During my visit to Paris in autumn 2019, restoration was well underway. Below, the spidery flying buttresses of Notre Dame are themselves buttressed while being strengthened.

At the time that fire broke out in 2019, metal scaffolding was in place to make needed repairs to the roof. Although that scaffolding survived the fire, the intense heat melted the metal, which then fused with the roof. To facilitate the removal of the melted metal during the restoration of Notre Dame, a second scaffolding was erected.

Scaffolding over scaffolding, fall 2019

Below, Viollet-le-Duc’s chimeras watch over a crane restoring their fire-damaged home. Perhaps they are waiting to see what their cousins, the spooky succubi of the 21st-century psyche, will look like.

The birth of the university — Collège des Bernardins

The Gothic-style former Cistercian monastery and institution of learning was constructed 1248-1253, its completion coinciding within a few years with that of Notre Dame de Paris. By that time, Paris was already well established as a major intellectual centre of Europe.

Monastic schools of the previous century, such as the cathedral school of Notre Dame, were internationally famous. No longer were monastic schools set up largely to produce educated monks, clergy, and scribes, but they had become flourishing centres of theological teaching and (carefully circumscribed) debate. It was the age of Abelard, rock star professor and extra-tragic lover of the 12th century.

By the early 13th century, the University of Paris was founded, closely associated with monastic schools. University-style secular learning was taking root, as were centres of learning separate from — but associated with — the cathedral and monastic schools. Some colleges emerged from the student residence halls of the monastic schools. One of those halls was established by Robert de Sorbon, and thus the College de la Sorbonne emerged as a place of higher education.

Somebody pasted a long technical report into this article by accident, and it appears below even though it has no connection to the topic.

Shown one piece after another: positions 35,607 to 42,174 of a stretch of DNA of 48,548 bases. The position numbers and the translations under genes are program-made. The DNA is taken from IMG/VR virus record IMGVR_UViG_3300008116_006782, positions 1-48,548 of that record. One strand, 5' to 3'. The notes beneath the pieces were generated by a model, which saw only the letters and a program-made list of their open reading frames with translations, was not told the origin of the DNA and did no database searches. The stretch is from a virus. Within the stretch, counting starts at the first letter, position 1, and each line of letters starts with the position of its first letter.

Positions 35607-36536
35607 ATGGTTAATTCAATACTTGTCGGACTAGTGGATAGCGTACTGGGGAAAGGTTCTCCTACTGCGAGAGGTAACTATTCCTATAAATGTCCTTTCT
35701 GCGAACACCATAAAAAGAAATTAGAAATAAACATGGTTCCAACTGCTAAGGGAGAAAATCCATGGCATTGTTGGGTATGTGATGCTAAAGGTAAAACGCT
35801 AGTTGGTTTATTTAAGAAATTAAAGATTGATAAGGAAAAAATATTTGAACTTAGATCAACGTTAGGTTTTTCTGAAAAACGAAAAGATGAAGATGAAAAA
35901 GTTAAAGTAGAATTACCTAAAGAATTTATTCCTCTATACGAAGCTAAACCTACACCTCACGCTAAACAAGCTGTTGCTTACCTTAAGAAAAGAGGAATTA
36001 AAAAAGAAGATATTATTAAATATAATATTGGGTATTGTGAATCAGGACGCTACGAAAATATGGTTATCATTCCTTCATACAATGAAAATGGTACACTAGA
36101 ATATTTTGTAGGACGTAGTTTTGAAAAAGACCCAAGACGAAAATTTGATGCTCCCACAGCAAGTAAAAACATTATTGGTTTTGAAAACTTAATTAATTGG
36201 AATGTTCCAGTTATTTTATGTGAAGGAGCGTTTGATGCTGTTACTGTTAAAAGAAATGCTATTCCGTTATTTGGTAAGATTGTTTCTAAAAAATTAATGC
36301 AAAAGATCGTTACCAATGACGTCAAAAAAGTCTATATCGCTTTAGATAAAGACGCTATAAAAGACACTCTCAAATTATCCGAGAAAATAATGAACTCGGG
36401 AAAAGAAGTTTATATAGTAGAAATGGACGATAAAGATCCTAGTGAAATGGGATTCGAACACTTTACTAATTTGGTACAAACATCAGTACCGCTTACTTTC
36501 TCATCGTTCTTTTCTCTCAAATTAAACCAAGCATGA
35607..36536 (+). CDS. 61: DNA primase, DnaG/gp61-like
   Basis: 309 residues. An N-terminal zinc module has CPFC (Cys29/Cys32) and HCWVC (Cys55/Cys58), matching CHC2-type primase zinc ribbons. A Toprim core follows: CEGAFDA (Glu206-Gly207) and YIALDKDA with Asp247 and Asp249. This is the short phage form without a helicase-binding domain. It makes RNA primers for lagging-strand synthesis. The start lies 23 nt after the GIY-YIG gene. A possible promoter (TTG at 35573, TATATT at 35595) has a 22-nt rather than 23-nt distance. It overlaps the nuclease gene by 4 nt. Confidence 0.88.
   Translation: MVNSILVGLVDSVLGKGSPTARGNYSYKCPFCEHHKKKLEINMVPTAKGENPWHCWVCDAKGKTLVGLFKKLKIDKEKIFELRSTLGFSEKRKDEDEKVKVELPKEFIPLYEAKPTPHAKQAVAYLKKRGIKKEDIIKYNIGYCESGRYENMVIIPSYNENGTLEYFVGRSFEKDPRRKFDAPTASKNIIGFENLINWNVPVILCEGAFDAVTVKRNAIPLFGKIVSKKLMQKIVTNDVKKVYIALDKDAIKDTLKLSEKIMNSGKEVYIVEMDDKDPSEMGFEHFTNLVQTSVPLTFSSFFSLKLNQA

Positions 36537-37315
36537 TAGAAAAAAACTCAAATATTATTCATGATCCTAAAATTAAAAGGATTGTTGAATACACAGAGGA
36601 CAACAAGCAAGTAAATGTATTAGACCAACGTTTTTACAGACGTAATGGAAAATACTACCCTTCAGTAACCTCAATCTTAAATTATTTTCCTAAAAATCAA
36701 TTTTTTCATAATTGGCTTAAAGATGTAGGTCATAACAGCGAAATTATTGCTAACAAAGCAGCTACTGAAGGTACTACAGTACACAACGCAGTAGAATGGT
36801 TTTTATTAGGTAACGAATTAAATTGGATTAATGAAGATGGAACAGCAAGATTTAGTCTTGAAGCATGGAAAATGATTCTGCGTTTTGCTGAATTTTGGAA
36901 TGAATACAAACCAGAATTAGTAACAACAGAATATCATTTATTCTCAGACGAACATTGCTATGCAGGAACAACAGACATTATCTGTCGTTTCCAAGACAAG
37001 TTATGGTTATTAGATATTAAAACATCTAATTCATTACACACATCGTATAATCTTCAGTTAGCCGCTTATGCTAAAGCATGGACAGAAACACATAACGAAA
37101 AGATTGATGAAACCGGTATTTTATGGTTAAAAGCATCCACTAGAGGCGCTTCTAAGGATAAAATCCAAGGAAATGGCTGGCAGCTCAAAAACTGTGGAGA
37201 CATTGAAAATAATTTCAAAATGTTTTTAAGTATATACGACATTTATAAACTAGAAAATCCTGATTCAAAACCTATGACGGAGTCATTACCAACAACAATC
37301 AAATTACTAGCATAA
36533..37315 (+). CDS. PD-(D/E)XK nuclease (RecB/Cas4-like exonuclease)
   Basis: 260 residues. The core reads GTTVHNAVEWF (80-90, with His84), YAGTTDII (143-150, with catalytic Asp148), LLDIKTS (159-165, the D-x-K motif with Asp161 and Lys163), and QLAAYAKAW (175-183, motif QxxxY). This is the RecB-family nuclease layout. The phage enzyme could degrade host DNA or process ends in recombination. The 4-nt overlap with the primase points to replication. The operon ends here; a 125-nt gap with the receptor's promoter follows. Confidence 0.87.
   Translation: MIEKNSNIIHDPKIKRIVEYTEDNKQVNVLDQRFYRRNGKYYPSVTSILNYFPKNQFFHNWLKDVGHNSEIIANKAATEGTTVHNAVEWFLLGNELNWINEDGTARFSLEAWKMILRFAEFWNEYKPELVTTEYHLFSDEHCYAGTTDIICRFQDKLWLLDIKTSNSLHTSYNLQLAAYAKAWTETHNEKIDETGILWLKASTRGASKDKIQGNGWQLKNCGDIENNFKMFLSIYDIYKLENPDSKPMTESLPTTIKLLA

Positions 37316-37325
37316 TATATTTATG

It was into this burgeoning intellectual movement that the Collège des Bernardins was born. In addition to educating Bernardine monks, the school also taught students from the Collège de la Sorbonne and the Université de Paris.

I arrived at the Collège des Bernardins too late for a proper visit, but the entrance hall with its interconnected ribs of the vaulted ceiling is both austere and elegant.

Next: The Gothic “Cruet” Church — St-Germain l’Auxerrois

Camille Martin

Paris Wanderlust: Romanesque Paris — Hybrid Creatures

Romanesque Paris — Hybrid Creatures

One thing that fascinates me most about Paris architecture are the changes that a structure undergoes over time. For example, medieval churches sometimes took so long to build that the style mutated mid-construction, producing hybrids. I visited two hybrid churches in Paris built during the transition between Romanesque and Gothic styles: Église Saint-Germain-des-Prés and Église St-Julien-le-Pauvre.

Unlike other places in Europe, Paris does not have a “purely” Romanesque church. Although Romanesque was an international architectural style, it didn’t last as long in Paris, where the Gothic mania for height and light had already taken hold.

(Actually, Paris does have a purely Romanesque church, but it’s in a category of its own. I’ll save it for the end of the post.)

Église Saint-Germain-des-Prés

3 Place Saint-Germain des Prés (6e)

Saint-Germain-des-Prés, the oldest church in Paris, was built during the 11th and 12th centuries on the ruins of Merovingian churches destroyed by marauding Vikings. Like those earlier unprotected churches, Saint-Germain-des-Prés was built in the fields (“des prés“), outside city walls.

The squared and heavyset bell tower with its arched windows is solidly Romanesque:

Inside, the church’s nave and choir could be described as a harmonized blend of Romanesque and early Gothic, or Romano-Gothic. The curved arches in the nave echo the older Romanesque style, whereas the vaulted ceiling — while not yet soaring — registers “Gothic.”

The pillars and columns of the interior are being restored to reveal vivid colours and patterns:

Église St-Julien-le-Pauvre

St-Julien-le-Pauvre, with it heavy columns, thick walls, and rounded arches and windows, is the most consistently Romanesque church in Paris. Even so, a vaulted Gothic choir with pointed windows (to the right in the image below) was appended later.

Église St-Julien-le-Pauvre (built mid-12th to mid-13th centuries), 1 Rue Saint-Julien le Pauvre (5e)

Like a hybrid creature in a medieval bestiary, a Romanesque elephant’s body acquired a Gothic lion’s head.